Overnight Health Care — Presented by The Partnership for Safe Medicines — Dem vows Medicare drug price negotiations will be priority | ObamaCare enrollment down compared to last year | HHS declares health emergency in California

Overnight Health Care — Presented by The Partnership for Safe Medicines — Dem vows Medicare drug price negotiations will be priority | ObamaCare enrollment down compared to last year | HHS declares health emergency in California
© Greg Nash

Welcome to Wednesday's Overnight Health Care.

Today, the next chairman of the House Energy and Commerce Committee discussed his drug pricing agenda for the next term, progressive House Democrats are pushing for a vote on a "Medicare for all" bill, and ObamaCare enrollment is down from this point last year.

We'll start with drug pricing...



Incoming Dem chairman: Medicare negotiating drug prices is a priority

Drug prices will be a top priority for House Democrats next year, and Rep. Frank Pallone Jr.Frank Joseph PalloneHouse Democrats criticize Texas's 'shortcomings in preparations' on winter storms House panel to probe conspiracy theories in the news House Democrats urge Amazon to investigate, recall 'defective' products MORE (D-N.J.), the incoming chairman of the powerful Energy and Commerce Committee, shed some light on what that will entail. The two items he mentioned:

  • Allowing Medicare to negotiate drug prices
  • The Creates Act, a bill to crack down on stalling tactics used by drug companies to prevent cheaper generic competition from entering the market.

The path forward: Democrats are hoping they can get President TrumpDonald TrumpDonald Trump Jr. calls Bruce Springsteen's dropped charges 'liberal privilege' Schiff sees challenges for intel committee, community in Trump's shadow McConnell says he'd back Trump as 2024 GOP nominee MORE on board, given he has supported Medicare negotiation in the past.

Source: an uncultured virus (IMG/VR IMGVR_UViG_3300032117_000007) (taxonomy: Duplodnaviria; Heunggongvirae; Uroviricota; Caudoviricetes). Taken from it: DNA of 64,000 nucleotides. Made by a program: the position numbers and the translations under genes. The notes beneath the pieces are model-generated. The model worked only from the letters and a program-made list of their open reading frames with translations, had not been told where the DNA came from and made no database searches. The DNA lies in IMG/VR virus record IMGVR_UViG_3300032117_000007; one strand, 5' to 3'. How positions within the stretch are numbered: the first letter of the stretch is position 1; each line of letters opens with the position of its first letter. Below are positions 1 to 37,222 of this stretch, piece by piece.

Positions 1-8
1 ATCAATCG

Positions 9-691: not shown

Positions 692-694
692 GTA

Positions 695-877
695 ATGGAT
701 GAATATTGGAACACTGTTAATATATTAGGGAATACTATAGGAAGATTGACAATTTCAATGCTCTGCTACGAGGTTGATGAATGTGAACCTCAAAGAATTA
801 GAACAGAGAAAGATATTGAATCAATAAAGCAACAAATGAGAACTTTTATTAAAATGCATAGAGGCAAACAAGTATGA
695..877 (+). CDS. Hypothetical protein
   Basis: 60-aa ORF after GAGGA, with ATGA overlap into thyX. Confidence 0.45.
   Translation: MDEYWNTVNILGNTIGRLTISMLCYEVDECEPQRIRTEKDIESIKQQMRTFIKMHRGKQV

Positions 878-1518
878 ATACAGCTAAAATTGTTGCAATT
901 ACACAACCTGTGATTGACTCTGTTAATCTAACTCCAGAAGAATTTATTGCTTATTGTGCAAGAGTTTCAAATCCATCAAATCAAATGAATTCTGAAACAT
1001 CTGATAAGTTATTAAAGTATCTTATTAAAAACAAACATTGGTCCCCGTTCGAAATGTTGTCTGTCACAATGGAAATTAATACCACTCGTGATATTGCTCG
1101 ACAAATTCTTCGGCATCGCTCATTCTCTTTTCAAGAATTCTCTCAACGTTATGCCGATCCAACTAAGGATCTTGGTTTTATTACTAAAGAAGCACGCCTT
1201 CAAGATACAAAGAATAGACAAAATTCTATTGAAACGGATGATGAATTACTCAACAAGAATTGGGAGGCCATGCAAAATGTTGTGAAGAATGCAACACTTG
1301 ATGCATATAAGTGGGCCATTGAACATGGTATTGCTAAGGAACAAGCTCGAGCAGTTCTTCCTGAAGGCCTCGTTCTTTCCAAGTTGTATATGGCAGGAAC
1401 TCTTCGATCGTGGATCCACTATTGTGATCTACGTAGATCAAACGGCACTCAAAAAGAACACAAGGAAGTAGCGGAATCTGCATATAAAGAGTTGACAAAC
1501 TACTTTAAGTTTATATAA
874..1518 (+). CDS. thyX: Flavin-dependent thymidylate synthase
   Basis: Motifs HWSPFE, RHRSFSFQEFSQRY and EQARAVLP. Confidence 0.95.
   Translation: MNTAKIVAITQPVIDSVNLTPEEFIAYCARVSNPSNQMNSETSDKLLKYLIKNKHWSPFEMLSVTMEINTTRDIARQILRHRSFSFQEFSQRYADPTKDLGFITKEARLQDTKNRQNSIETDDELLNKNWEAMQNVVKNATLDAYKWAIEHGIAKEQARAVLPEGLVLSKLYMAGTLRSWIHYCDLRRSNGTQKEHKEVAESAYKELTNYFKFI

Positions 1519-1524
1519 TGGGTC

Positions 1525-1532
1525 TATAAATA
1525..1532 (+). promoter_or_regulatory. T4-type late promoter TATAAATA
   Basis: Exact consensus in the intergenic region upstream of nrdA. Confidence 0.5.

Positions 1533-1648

"I've always been an advocate for negotiated prices under Medicare, and as you know, President Trump says that he's for that, so I think that's an area where we can get agreement with the president," Pallone told reporters.

The Creates Act could be the easier of the two, since it has support from members of both parties and is smaller in scale. Still, even that bill has been delayed all year amid lobbying from drug companies.

Read more here.




ObamaCare enrollment down compared to this time last year

Fewer people are signing up for ObamaCare plans this year compared to a similar period last year, according to data released Wednesday by the Trump administration.

About 1.2 million people signed up for ObamaCare plans in the first ten days of this year's sign up period, which began Nov. 1.

In the first nine days of last year's enrollment period, 1.5 million people signed up for plans -- a difference of more than 300,000.

In week two of this year's sign up period, which stretched from Nov. 4 through Nov. 10, 805,000 people signed up for coverage, compared to the 876,788 people who enrolled during a similar period last year.

Context: It's the first year since ObamaCare was passed that people don't have to pay a penalty for not having insurance. But it's also too soon to tell how much of an impact that will have on enrollment. Open enrollment ends Dec. 15.